As is often the case, there have been a few warmer than normal days in October. It is almost summer-like, and lots of sun. It isn't really Indian Summer....that is a few weeks away, hopefully.

Yesterday I checked out the Erieau waterfront, hoping to catch up with a Hudsonian Godwit that Steve Charbonneau had seen the day before. The water levels and weed mats in Rondeau bay are such that they provide excellent habitat for ducks, shorebirds and herons. Unfortunately they are a long way from shore, so that even with the 'scope cranked up to 50-60 power, viewing especially during a breezy day can be challenging.

I didn't see the godwit. I didn't see the Eurasian Wigeon that Steve had seen either, but with the 5000+ ducks scattered as far as the eye could see, the wigeon was probably there somewhere. As for the godwit: there were shorebirds, including Pectoral Sandpiper, both yellowlegs and both American and Black-bellied Plover, plus a few peeps that went unidentified due to the distance and haze. Who knows where the godwit is by now.

I headed over to Rondeau next, going to the east branch of the South Point Trail. Birds weren't especially plentiful, but I did see a few warblers skulking in the wind-blown shrubbery. The most notable avian species was an abundance of Rusty Blackbirds (it was being considered as a Species At Risk recently, although it hasn't happened yet).....there must have been upwards of 1000 in several flocks. It was really hard to tell the number, as they kept emerging from the wetland shrubbery only to stream by to the other side of the trail. They were constantly on the move, and difficult to get a photo of.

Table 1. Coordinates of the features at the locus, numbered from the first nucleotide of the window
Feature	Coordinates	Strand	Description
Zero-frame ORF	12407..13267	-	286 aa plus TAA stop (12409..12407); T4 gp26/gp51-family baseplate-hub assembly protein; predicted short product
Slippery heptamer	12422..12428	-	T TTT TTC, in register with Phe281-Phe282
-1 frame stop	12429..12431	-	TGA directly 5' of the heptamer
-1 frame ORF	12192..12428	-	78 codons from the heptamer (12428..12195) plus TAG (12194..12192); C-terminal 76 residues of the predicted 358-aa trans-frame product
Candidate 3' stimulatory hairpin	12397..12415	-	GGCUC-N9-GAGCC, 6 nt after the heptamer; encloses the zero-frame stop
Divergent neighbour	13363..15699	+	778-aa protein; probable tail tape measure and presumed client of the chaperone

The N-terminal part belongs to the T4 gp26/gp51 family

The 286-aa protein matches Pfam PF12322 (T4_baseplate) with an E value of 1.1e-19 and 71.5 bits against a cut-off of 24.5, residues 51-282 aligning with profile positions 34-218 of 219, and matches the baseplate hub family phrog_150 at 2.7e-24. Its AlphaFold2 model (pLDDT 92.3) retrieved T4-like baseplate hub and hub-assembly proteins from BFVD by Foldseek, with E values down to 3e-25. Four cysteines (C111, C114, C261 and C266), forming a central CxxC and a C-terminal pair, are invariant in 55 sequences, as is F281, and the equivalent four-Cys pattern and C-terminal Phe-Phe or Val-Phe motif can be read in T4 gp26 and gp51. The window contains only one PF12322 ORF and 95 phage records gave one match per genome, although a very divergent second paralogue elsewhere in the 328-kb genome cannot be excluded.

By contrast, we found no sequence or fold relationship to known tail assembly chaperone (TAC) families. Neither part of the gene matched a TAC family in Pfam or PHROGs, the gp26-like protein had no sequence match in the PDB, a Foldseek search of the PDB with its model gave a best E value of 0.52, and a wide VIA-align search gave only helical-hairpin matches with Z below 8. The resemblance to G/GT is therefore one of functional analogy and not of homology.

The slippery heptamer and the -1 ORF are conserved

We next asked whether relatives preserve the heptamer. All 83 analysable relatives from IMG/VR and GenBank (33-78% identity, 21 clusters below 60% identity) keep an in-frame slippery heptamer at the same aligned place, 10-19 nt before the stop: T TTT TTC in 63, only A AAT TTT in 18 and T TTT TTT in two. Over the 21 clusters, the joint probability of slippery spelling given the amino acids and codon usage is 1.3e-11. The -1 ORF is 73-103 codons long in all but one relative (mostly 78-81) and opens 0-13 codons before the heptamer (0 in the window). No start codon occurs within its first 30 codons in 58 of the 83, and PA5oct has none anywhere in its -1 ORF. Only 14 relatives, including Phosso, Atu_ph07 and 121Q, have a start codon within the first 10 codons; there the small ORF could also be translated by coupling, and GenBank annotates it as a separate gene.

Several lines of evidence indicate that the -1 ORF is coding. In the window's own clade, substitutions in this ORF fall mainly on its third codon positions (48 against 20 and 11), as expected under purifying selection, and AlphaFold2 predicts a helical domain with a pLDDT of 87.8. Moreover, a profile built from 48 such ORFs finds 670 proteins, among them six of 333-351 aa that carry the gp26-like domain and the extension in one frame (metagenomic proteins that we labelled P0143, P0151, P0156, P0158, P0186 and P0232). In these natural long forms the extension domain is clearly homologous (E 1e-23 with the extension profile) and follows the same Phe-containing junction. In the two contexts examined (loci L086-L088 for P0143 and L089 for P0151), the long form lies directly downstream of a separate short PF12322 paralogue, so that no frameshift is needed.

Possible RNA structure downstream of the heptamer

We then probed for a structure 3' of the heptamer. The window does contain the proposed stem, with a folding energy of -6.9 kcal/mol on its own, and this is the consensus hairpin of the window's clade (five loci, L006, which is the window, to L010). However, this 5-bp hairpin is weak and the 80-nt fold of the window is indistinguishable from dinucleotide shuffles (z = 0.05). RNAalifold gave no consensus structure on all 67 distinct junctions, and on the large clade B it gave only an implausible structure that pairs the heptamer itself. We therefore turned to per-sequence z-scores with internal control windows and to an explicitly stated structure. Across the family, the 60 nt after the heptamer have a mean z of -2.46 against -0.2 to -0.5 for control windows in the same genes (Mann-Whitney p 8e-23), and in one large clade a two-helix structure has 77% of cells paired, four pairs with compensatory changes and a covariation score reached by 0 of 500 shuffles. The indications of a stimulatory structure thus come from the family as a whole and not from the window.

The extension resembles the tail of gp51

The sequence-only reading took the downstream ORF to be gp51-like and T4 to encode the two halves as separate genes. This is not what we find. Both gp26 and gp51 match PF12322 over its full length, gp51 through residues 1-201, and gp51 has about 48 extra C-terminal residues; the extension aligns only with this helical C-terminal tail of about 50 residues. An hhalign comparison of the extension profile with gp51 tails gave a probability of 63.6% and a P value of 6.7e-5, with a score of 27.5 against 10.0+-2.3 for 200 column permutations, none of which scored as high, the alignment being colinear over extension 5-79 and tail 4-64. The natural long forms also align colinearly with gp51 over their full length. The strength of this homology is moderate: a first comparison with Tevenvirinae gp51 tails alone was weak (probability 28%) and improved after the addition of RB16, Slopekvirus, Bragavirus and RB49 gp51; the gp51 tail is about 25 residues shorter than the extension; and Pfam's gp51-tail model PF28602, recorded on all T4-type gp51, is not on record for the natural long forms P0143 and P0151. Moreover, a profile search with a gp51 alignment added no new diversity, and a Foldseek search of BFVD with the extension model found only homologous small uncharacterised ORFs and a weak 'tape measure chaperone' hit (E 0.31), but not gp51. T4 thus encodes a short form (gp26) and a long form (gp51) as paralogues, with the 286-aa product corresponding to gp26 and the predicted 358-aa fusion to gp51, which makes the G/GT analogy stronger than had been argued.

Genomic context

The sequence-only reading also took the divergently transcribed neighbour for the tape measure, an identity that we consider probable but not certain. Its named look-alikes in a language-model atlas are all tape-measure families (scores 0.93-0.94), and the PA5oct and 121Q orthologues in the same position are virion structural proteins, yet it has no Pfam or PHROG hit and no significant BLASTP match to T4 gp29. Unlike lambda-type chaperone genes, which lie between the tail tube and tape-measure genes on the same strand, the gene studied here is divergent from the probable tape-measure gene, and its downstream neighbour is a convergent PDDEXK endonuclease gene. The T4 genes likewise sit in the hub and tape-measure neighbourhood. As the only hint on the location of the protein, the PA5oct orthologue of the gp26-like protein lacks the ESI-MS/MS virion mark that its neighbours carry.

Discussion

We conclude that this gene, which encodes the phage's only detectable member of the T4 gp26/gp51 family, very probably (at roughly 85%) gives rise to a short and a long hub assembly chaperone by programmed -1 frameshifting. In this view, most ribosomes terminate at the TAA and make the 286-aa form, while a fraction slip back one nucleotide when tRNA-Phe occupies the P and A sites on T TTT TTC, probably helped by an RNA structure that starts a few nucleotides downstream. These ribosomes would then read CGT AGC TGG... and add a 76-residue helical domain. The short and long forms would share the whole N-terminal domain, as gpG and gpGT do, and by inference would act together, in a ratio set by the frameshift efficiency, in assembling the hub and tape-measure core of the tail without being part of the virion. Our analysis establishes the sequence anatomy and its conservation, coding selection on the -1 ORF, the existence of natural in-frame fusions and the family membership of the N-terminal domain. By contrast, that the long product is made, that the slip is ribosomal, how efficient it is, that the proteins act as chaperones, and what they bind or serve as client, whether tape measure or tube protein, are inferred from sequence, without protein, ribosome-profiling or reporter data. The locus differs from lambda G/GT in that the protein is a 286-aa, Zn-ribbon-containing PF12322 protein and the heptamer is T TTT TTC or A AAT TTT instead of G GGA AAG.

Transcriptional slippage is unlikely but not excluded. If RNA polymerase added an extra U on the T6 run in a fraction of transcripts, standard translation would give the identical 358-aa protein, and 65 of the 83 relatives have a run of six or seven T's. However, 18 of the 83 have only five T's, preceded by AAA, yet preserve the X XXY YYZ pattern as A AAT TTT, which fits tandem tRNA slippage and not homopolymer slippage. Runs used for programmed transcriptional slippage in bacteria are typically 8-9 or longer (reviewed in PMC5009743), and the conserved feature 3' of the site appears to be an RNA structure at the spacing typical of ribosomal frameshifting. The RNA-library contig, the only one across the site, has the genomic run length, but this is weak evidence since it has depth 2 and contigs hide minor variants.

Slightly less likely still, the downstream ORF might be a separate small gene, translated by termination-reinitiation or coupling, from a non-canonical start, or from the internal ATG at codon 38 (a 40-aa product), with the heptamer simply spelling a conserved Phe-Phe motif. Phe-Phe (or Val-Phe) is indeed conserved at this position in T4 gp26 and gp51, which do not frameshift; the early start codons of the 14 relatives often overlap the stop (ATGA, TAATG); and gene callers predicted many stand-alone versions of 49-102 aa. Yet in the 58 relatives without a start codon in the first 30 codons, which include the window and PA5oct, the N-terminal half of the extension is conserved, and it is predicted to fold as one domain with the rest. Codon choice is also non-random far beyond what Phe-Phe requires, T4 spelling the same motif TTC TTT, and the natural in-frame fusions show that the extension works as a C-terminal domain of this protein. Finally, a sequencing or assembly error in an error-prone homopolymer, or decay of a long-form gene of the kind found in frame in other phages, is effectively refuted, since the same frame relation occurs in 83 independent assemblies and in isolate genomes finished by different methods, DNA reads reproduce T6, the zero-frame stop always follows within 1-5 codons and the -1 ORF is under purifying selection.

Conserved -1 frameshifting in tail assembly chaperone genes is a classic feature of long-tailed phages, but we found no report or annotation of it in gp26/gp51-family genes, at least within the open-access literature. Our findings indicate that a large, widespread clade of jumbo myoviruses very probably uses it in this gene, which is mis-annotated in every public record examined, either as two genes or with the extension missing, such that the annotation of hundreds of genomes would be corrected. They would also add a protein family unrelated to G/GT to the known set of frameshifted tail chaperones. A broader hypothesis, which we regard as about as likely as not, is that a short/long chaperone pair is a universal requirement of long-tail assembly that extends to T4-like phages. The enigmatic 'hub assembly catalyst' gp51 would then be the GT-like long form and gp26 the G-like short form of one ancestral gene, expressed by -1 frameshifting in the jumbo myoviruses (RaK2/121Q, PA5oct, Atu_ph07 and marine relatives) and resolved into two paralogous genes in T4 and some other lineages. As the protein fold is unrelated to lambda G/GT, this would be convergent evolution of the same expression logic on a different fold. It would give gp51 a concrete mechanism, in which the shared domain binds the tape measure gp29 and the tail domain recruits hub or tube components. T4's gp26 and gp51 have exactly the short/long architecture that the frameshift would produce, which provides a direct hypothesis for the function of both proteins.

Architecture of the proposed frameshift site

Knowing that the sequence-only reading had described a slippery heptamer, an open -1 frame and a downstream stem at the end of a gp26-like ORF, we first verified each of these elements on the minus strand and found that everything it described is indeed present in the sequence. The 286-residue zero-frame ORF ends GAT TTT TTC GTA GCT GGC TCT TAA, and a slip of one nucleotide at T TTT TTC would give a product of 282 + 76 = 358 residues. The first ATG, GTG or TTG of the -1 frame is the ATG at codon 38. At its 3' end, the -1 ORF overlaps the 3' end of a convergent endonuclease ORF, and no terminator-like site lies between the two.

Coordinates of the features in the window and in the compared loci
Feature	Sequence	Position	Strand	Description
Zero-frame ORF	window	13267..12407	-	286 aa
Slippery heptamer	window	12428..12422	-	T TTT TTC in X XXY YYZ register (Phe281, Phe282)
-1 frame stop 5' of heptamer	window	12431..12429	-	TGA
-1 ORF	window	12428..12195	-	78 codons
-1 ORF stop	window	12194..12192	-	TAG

Even though it was windy, where the sun was hitting the trail in some sheltered areas, it was good for butterflies. I saw at least 8 Eastern Commas.

There are a few Monarchs still passing through.

A small number of Pearl Crescents are still around.

 A single Common Buckeye was fighting the wind looking for shelter.

The sunny pavement also attracts snakes trying to soak up a bit more warmth before going underground for the next few months. I noted several Eastern Gartersnakes, as well as this Northern Brown Snake.
The park roads open to vehicular traffic showed evidence of slow moving snakes, unfortunately, with several Eastern Gartersnakes in various states of wreckage.

When one got to the southeast corner, it was easy to see the results of the early autumn storms of the last couple of weeks. This remnant from the old south campground camp office was exposed during the major east wind storms of 2015, but then got mostly covered up again for most of the next few months....such is the norm for dynamic shorelines. But now, once again, the strong winds from the east and southeast have brought it back into view.

Along the sandy trail to the shoreline, I noted a small, orange ball on the move, struggling to escape a shallow sandy pit. It turned out to be a Marbled Orb Weaver, a colourful spider that is fairly common in late summer.

The Blenheim Sewage Lagoons can be a worthwhile stop. On this day a male Lesser Scaup was the first bird I saw.